After the high priest sprinkled the cover of the Ark, which held the Law, and effected atonement, he came out of the temple. The deuterocanonical Old Testament book Sirach 50:1-13 (King James Version) describes the momentary "coming out" of "Simon the high priest, the son of Onias" in godlike terms:

"How was he honoured in the midst of the people in his coming out of the sanctuary! He was as the morning star in the midst of a cloud, and as the moon at the full: As the sun shining upon the temple of the most High, and as the rainbow giving light in the bright clouds: And as the flower of roses in the spring of the year, as lilies by the rivers of waters, and as the branches of the frankincense tree in the time of summer: As fire and incense in the censer, and as a vessel of beaten gold set with all manner of precious stones: And as a fair olive tree budding forth fruit, and as a cypress tree which groweth up to the clouds... So were all the sons of Aaron in their glory, and the oblations of the Lord in their hands, before all the congregation of Israel."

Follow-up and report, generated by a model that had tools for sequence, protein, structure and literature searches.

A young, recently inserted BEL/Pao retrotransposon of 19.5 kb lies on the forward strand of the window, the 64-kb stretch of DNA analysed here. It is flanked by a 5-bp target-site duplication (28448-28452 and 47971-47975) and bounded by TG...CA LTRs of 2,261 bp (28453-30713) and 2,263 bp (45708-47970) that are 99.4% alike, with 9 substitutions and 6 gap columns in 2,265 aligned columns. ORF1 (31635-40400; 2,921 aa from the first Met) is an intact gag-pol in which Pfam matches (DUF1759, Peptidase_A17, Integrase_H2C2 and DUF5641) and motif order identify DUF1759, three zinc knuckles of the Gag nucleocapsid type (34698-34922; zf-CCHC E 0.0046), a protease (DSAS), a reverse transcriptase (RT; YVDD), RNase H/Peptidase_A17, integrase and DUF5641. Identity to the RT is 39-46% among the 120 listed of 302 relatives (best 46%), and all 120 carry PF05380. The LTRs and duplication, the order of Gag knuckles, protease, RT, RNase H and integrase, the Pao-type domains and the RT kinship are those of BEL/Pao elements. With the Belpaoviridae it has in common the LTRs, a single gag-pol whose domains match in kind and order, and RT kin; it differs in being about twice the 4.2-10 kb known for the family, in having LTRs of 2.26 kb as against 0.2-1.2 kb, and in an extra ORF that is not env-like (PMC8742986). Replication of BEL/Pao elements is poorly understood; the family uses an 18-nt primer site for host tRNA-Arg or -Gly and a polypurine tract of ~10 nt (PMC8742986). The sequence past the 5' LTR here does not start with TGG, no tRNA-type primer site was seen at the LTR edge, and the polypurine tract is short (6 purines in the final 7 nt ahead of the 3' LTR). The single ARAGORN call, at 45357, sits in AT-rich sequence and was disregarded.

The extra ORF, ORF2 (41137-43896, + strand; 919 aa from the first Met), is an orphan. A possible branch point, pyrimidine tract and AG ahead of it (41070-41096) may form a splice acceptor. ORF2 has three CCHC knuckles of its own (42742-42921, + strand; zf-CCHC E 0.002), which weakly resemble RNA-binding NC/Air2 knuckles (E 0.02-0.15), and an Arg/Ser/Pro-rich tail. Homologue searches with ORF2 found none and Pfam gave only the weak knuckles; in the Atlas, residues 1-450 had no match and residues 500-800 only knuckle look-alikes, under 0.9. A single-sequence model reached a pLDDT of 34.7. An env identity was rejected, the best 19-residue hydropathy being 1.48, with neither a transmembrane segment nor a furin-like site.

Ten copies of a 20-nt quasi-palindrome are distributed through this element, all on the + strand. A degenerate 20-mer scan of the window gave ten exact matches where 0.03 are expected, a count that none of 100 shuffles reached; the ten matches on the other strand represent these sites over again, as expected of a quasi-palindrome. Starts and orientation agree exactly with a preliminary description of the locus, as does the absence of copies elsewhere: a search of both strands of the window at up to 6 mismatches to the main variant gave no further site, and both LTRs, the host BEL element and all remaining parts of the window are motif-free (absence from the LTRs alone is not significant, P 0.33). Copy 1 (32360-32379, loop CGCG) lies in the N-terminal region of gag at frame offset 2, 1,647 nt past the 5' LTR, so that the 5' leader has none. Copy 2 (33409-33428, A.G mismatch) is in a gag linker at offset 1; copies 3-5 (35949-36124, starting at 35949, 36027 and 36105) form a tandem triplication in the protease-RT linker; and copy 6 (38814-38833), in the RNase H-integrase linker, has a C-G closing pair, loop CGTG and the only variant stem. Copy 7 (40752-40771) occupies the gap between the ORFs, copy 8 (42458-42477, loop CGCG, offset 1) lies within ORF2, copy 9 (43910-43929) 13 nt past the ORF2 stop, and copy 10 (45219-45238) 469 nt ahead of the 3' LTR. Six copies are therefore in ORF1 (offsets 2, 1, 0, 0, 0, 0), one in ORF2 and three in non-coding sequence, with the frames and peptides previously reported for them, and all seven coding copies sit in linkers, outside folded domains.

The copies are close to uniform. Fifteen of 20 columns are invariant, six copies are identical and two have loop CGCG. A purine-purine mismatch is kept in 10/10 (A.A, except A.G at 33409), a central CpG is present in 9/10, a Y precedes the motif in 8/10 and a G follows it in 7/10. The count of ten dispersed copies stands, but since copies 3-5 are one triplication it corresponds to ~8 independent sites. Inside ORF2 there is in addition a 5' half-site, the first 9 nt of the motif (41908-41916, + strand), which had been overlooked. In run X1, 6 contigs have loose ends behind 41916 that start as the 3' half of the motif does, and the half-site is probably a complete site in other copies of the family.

The Epistle to the Hebrews 9:7-28 connects the High Priest's offering for Atonement to Jesus Christ's offering for Atonement, commenting that:

"into the [inner tabernacle] went the high priest alone once every year, not without blood, which he offered for himself, and for the errors of the people: The Holy Ghost this signifying, that the way into the holiest of all was not yet made manifest, while as the first tabernacle was yet standing: But Christ being come an high priest of good things to come, by a greater and more perfect tabernacle, not made with hands, that is to say, not of this building; Neither by the blood of goats and calves, but by his own blood he entered in once into the holy place, having obtained eternal redemption for us... For Christ is not entered into the holy places made with hands, which are the figures of the true; but into heaven itself, now to appear in the presence of God for us... So Christ was once offered to bear the sins of many; and unto them that look for him shall he appear the second time without sin unto salvation."